Britain’s Seaside Resorts: The Victorians were the pioneers of the British seaside. Wanting to exploit the 11,000 miles of the British coastline, the Victorians got to work by developing coastal towns that would have once only appealed to fishermen.
Originally a reserve of high society, the spread of the railways in Britain through the mid 1800s made a trip to the seaside more affordable for the working classes. Everyone in Britain now wanted a piece of sand and sea, especially the investors. While some investors spent time and money on making sure visitors were amused and having fun, other investors helped fund the creation of quaint and fashionable homes for the wealthy classes. This made the seaside resorts of Britain some of the fastest growing towns of the time.
Rapid transformation of the coastline
Places like Blackpool, Brighton, Skegness, Scarborough and Great Yarmouth were transformed by public and private investment. Piers were created, promenades were paved and great glass pavilions sprang to life all over the British coastline. Britain’s coastal resorts experienced their golden age. With donkeys rides, whelks and cockles, Punch and Judy, buckets and spades, fish and chips, music-hall and ballroom dance, the Victorians effectively created an exotic, fun and exciting world well away from the dirt and smog of the great industrial cities.
Reduction of disposable income
But things changed. In the years immediately following WW2, Britain was poor and trips to the seaside suffered as a result. Though there was a brief revival in the 1960’s, one particular development changed peoples holiday habits forever; the commercial airline. In comparison to seaside resorts of Britain that had suffered both physical and economic damage throughout the war, the Mediterranean offered appealing package deals, climates that guaranteed plenty of sun, and, of course, the excitement of a first flight abroad for many.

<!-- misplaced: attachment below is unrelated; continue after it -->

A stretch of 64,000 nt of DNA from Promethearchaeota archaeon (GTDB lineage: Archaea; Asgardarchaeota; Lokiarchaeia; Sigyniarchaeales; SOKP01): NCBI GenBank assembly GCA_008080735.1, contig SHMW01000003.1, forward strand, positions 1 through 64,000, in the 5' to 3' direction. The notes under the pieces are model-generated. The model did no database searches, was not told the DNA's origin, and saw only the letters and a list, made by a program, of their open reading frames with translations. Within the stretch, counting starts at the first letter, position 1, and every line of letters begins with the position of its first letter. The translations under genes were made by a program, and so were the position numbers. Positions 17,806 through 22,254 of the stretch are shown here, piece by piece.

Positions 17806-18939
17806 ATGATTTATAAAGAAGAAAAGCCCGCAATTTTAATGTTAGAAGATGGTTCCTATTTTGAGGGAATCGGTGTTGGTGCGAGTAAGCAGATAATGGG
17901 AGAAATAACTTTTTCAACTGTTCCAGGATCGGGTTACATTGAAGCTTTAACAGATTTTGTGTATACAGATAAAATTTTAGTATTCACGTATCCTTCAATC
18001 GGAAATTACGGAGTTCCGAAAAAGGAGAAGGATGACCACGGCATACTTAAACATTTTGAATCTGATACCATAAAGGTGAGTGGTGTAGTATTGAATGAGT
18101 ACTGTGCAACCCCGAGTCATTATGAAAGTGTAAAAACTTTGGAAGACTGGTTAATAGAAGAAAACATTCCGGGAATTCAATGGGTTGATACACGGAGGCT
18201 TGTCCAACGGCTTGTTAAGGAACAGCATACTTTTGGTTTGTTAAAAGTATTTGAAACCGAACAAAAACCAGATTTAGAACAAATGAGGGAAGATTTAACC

The fight back
This left Britain’s coastal resorts to stagnate and decay. As the airline industry continued to boom, budget carriers like Ryainair and Easyjet sprang up in the 1990s, enabling Britons on even tighter budgets the chance of a holiday abroad. It seemed the British seaside resort would never revisit or even resemble its former glory. But, as it happens, circumstances do change. For some, a holiday to the Mediterranean became hot and overcrowded.
The seaside resorts of Britain have responded. Brighton has once become a very popular getaway for Londoners and has undergone something of a bohemian transformation thanks in part to its growing student community.
Cornwall has strengthened its identity as Britain’s number one surf spot with investment in and around Newquay. Dorset has attempted to follow this lead, with some success, with the creation of a £3.5 million surf reef in Boscombe which has led to further heavy investment along its seafront.
An ailing world economy has led many of us back to Britain’s seaside. And the old resorts are showing signs of transformation. By focusing on building strong, locally-oriented and culturally independent communities, Brighton, Bournemouth and Cornwall are setting the example for other coastal towns to follow. Once again a holiday to a British seaside resort is back there on the cards.
Colin McDonald writes on behalf of Potters Leisure Resort. Hope you love reading “The Golden Age Of Britain’s Seaside Resorts”. Share your view in the comment section below.